• Date - 05/08/2021
  • Elevation - 13,745'/13,651'
  • Route - Grand Couloir/Northwest Ridge
  • Miles - 7.3
  • Elevation Gain - 4,400'
  • ACME Mapper - Link
  • CalTopo - Link
  • Partners - Not Applicable


I spent most of the winter ice climbing and hiking low peaks in the foothills of the Front Range.  As a result, I hadn't been to 10,000' since the middle of January and hadn't put in more than 2,000' in a day since last Fall.  The Grand Couloir has been on my short list of snow climbs for several years, so I decided to give it a shot.  The climb is south facing and generally sets up earlier than many other couloirs in the State.

I drove from Highlands Ranch, Colorado, to Garfield, Colorado, on Friday evening in order to get an alpine start on Saturday morning.  I got to the turnoff for Forest Service Road 230 relatively early, so I drove to Monarch Pass to get a good look at the route and couloir.  Although the snow is fading, it certainly appeared as though there was adequate snow coverage to climb the couloir rather than either of the ridges that surround the gully.

I was able to drive 0.5 miles up the four-wheel-drive road until I became uncomfortable with the snow and getting stuck.  I found a place to pull off the road and dozed off around 10:00 pm.  My night's sleep was a fitful, but I did get some descent rest.  I started hiking up the road at 4:20 am with firm snow under my feet and reasonable weather.

I hiked up the road past the Boss Lake Trailhead to the wide apron of the Grand Couloir that starts at the road.  I started up the apron on neve snow as the wind was a bit stronger so I added a layer.  There were a couple of breaks in the snow, but you could stay on snow for approximately 80 percent of the climb in my estimation.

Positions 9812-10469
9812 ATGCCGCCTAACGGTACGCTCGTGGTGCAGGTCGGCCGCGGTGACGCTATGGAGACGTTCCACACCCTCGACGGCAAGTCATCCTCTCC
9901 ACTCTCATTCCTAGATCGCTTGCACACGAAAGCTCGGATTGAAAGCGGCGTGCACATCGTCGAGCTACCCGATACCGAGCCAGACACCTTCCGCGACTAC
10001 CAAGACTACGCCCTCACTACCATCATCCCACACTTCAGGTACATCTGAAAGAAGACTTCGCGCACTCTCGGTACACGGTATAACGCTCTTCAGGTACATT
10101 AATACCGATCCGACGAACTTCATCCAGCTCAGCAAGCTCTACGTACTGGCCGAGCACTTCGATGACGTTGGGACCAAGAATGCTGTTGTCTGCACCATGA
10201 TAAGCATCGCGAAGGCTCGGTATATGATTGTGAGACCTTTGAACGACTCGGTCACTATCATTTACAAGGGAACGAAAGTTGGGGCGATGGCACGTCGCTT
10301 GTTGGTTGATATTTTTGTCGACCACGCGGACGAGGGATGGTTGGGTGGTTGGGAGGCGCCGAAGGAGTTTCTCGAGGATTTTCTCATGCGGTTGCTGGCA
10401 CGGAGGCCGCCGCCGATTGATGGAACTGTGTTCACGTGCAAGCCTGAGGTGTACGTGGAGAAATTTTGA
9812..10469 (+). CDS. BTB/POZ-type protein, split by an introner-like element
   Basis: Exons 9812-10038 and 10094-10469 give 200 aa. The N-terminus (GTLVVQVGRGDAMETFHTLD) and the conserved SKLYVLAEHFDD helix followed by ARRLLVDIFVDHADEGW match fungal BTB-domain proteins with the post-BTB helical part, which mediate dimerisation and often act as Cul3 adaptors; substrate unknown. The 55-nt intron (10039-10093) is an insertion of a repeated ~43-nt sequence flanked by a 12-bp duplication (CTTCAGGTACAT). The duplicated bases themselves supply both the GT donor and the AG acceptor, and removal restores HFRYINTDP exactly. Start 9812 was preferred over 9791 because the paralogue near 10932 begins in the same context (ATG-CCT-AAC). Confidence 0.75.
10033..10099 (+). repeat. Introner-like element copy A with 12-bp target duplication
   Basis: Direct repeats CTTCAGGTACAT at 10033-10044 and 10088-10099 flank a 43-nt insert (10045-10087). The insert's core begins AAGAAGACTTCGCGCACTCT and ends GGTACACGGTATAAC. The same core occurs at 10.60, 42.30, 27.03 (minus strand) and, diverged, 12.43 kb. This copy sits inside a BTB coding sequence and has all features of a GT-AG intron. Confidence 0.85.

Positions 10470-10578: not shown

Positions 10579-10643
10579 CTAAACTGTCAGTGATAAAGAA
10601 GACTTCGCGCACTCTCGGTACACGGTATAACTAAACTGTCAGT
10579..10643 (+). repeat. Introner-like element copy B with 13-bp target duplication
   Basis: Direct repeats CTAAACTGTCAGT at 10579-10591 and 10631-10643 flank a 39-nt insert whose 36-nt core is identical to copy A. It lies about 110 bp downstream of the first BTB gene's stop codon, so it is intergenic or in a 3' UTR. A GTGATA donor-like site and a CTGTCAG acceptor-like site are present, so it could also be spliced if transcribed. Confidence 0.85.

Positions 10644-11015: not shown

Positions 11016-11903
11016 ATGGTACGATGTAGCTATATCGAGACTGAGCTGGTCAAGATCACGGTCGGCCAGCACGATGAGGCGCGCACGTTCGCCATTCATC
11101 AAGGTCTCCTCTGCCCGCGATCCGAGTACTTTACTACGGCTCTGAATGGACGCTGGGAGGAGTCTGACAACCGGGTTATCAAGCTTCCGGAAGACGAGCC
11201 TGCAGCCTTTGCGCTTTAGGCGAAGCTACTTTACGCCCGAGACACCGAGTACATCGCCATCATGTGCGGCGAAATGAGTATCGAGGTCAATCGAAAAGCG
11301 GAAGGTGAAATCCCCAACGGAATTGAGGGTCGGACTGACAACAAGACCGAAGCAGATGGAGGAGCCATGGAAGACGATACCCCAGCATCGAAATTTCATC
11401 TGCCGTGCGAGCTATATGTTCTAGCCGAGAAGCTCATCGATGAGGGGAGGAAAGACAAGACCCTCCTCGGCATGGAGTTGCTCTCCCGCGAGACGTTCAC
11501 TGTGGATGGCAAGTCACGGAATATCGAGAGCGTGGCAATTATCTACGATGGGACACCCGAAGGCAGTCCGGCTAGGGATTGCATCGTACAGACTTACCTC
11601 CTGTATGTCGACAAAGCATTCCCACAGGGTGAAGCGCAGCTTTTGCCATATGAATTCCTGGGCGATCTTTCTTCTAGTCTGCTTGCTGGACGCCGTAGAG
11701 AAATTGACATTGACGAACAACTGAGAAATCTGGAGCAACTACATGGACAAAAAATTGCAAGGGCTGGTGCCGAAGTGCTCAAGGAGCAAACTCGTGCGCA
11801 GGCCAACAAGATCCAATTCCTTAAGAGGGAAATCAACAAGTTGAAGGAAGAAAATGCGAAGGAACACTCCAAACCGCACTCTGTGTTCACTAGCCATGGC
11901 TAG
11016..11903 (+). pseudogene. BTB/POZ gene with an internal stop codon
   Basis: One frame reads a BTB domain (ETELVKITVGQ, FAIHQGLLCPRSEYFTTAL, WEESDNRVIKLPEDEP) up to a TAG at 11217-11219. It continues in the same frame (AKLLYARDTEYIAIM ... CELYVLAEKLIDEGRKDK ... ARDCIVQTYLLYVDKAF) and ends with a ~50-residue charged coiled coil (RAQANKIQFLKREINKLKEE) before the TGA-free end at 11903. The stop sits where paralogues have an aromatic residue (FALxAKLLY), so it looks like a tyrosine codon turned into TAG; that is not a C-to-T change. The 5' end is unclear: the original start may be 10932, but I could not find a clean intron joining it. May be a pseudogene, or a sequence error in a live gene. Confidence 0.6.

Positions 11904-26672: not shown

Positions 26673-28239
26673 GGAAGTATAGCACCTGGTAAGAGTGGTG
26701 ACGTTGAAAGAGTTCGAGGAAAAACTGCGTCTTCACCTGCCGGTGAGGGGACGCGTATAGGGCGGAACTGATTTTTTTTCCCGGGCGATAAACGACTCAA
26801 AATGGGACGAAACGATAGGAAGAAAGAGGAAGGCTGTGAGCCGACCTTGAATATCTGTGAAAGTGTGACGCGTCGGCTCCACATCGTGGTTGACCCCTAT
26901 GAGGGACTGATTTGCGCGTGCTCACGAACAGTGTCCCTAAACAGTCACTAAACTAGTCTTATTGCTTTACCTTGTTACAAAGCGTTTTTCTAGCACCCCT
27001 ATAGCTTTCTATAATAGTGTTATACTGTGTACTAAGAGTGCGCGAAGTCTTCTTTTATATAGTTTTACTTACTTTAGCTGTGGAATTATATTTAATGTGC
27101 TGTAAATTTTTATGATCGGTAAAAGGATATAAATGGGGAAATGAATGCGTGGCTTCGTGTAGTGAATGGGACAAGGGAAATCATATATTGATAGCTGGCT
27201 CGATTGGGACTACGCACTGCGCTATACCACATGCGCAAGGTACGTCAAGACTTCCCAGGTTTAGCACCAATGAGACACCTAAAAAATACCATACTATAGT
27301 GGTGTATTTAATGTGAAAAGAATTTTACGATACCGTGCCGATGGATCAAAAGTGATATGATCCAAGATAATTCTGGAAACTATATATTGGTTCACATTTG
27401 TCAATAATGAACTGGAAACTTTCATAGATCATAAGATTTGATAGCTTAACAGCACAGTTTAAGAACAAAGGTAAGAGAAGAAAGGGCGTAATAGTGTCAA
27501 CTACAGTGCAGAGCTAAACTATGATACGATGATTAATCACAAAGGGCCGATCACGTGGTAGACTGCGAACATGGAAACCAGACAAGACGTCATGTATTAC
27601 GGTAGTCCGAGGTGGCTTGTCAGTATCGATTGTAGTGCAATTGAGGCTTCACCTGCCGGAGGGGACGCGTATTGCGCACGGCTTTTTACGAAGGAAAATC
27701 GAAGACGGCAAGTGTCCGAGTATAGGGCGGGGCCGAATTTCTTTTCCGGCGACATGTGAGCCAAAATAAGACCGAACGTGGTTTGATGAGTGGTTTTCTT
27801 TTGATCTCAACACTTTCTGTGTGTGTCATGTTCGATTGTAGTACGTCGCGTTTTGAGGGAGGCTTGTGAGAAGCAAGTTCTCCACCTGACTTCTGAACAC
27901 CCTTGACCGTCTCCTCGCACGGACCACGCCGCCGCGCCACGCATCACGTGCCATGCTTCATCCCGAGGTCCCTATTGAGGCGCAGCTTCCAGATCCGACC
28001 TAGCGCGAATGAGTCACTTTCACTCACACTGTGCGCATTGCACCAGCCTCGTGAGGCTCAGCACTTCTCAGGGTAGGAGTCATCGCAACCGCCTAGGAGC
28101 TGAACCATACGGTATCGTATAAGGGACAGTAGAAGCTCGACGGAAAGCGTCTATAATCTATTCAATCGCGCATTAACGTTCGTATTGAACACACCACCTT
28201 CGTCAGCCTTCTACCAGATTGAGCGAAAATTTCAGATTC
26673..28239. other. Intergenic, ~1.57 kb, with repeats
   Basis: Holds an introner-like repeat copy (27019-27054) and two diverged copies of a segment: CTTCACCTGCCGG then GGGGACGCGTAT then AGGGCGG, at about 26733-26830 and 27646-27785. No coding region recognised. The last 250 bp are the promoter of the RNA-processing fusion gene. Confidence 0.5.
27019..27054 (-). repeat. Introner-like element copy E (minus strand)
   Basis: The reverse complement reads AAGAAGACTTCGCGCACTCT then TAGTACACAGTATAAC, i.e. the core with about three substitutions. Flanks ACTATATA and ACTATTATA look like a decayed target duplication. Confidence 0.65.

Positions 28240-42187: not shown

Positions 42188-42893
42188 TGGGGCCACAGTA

Although the Grand Couloir certainly looks grand from Monarch Pass, the climb itself is not that spectacular from a technical perspective.  It's actually a fairly mellow snow climb that lays back considerably when compared to viewing it from Monarch Pass.  I didn't put my crampons on until the last 900' of the couloir, and I never did take my ice axe off my pack and just used my trekking poles for the entire climb.

Despite being older and and slower, I made the summit of Mount Aetna at 8:20 am after four hours of hiking.  Although I was tired, I had the entire day ahead of me so I decided to traverse over to Taylor Mountain after 15 minutes on the summit of Mount Aetna.  The traverse didn't require crampons or an axe and actually provided some solid plunge-stepping off of Mount Aetna.  I reached the summit of Taylor Mountain at 9:50 am where I spent 20 minutes eating, drinking, and resting.

The descent off of the southwest ridge of Taylor Mountain was easy and straightforward until I got to tree line.  Route-finding remained easy; however, the soft snow in the trees made for some miserable and wet post-holing until I got back to Forest Service Road 230.  I was fairly soaked from my thighs down by the time I got back to the road, but I made it nevertheless.  I made quick work of the road hike back to my vehicle which I reached at 12:10 for a 7 hour and 50 minute car-to-car day.


Mount Aetna and Taylor Mountain from Monarch Pass.

Mount Aetna and the mellow Grand Couloir about one-third of the way up.

Looking down towards the apron of the Grand Couloir and Forest Service Road 230.

Looking up the Grand Couloir about half way up the climb.

Looking down the couloir about half way up the climb.

Looking down the full length of the Grand Couloir.

Views to the south from the summit of Mount Aetna.

The summit ridge of Mounta Aetna and the top of the Grand Couloir.

Taylor Mountain from the summit of Mount Aetna.

The final summit ridge of Taylor Mountain.

Mount Aetna from the summit of Taylor Mountain.

Views to the north from the summit of Taylor Mountain.